March is Women’s History Month, and it seemed appropriate to talk about what is so difficult for all of us to talk about; the abuse of sexual power in the workforce. Women and men both struggle to dialogue about the intensity of the emerging #MeToo movement and the deluge of reports coming forward after being hidden for so long. However, my impression is no one is really surprised.
For many reasons, the public admittance of the problem (with origins since the beginning of time) causes discomfort, as well as fear. I have talked to many male colleagues, some of whom admit their own foibles; and I have talked to many female colleagues, some of whom have carried scars for life. And, collectively, regardless of politics or creed, most recognize that it is time to write a new narrative focused on the deepening of mutual respect.
Let’s examine the facts and consider the effects:
An ABC News-Washington Post poll in October 2017 showed that sexual harassment in the workplace is a full-blown epidemic. It found more than half of all American women, 54%, experienced unwanted and inappropriate sexual advances at some point; 30% have endured such behavior from male colleagues and 25% identified men with sway over their careers as the culprits. Given these statistics, out of the total population of women in the U.S. – 78 million have been sexually violated at work. Of course, these are only reported cases.
The actual economic cost of sexual assault in the U.S. is $127 billion dollars per year; this is the price of treating chronic mental and physical health problems, addiction, workforce disability, housing transition, criminal activity, and family challenges. That means that over the course of 20 years – sexual assault has cost the United States 2 trillion five hundred forty billion dollars.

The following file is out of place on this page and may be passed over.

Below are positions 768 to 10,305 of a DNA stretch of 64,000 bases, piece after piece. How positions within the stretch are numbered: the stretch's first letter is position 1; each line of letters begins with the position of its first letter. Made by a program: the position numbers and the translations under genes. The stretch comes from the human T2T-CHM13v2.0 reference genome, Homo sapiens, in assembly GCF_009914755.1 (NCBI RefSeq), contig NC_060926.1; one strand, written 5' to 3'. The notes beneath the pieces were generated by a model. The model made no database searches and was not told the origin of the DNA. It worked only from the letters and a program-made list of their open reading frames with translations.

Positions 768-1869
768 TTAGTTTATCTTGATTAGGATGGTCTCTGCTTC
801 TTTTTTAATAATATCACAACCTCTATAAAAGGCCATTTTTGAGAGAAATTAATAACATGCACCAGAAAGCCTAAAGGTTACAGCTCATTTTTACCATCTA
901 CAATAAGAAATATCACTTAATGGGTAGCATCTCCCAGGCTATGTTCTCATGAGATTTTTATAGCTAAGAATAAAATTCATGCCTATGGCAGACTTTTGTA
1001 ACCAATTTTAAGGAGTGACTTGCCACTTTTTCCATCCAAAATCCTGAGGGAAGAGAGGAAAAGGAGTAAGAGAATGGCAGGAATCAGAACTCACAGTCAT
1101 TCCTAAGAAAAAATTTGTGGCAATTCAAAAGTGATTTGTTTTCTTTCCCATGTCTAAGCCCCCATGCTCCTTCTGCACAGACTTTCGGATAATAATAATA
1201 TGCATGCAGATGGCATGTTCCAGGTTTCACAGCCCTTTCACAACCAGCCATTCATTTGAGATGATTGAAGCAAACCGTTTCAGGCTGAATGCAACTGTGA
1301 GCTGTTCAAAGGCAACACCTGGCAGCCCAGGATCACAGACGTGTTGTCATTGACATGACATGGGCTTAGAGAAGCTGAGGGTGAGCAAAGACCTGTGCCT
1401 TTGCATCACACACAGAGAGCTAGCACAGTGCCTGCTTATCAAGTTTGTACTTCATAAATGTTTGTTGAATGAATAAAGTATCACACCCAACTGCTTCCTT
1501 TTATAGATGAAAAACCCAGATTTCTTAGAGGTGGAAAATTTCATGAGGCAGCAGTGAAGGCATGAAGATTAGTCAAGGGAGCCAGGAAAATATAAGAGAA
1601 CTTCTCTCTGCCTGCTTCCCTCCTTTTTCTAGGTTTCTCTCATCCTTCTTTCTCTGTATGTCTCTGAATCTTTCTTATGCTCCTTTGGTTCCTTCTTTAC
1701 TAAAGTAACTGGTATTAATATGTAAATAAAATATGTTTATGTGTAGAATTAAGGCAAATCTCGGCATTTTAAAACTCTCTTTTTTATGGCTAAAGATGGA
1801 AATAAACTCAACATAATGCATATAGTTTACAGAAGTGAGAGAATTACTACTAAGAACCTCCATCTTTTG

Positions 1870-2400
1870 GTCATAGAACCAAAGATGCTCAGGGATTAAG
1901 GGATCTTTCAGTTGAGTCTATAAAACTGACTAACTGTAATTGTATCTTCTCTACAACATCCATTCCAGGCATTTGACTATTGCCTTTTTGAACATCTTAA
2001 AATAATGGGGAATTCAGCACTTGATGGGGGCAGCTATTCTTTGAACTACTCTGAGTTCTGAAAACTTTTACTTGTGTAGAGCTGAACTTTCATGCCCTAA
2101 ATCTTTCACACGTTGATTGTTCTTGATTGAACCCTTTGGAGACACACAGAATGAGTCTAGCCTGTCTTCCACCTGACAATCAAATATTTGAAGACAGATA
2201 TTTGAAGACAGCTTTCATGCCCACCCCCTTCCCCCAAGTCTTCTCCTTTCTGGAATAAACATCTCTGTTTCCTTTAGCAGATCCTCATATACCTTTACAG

However, as a corporate leader, trainer, advocate, mother to a daughter, and Co-Partner to Rise With Honor, I can attest to the reality that statistics can never convey the hard road of recovery which, for many and most women, is not an easy journey. The costs are usually much much higher, reaching deep into family life; even across generations.
Given that sexual assault in the workforce is a global problem not to be ignored, how can institutions, churches, government, schools, and companies find solutions proactively, without being caught up in the spirit of “gender blame” and without sidelining the movement to a womanist issue? More importantly, how do we as workforce teams cultivate justice, healing and higher standards of behavior at the same time?
The abuse of power in the workforce – ALL abuses of power – can only be addressed through a comprehensive approach that benefits all: Education. Sharing. Access to Support. Policy. Equal Enforcement. Forgiveness. And Fortifying the Strengths and Bond of the Entire Team.
Yes, my idealism speaks, as I know this approach will most likely be a rare response, at least right now. It will take time for the world of work to really understand the direct correlation between heightened mutual respect and productive corporate culture. But I am hopeful, as I suspect are the 78 million U.S. women (and multiple millions more around the world) who strive daily to rise with honor.
This month, we might all think about these things. Not just because it is the right thing to do, and long overdue, but because our entire economic future is guaranteed to be brighter when each of us has the chance to realize our professional potential – without inappropriate intimidation.
Have the talks. Be the change.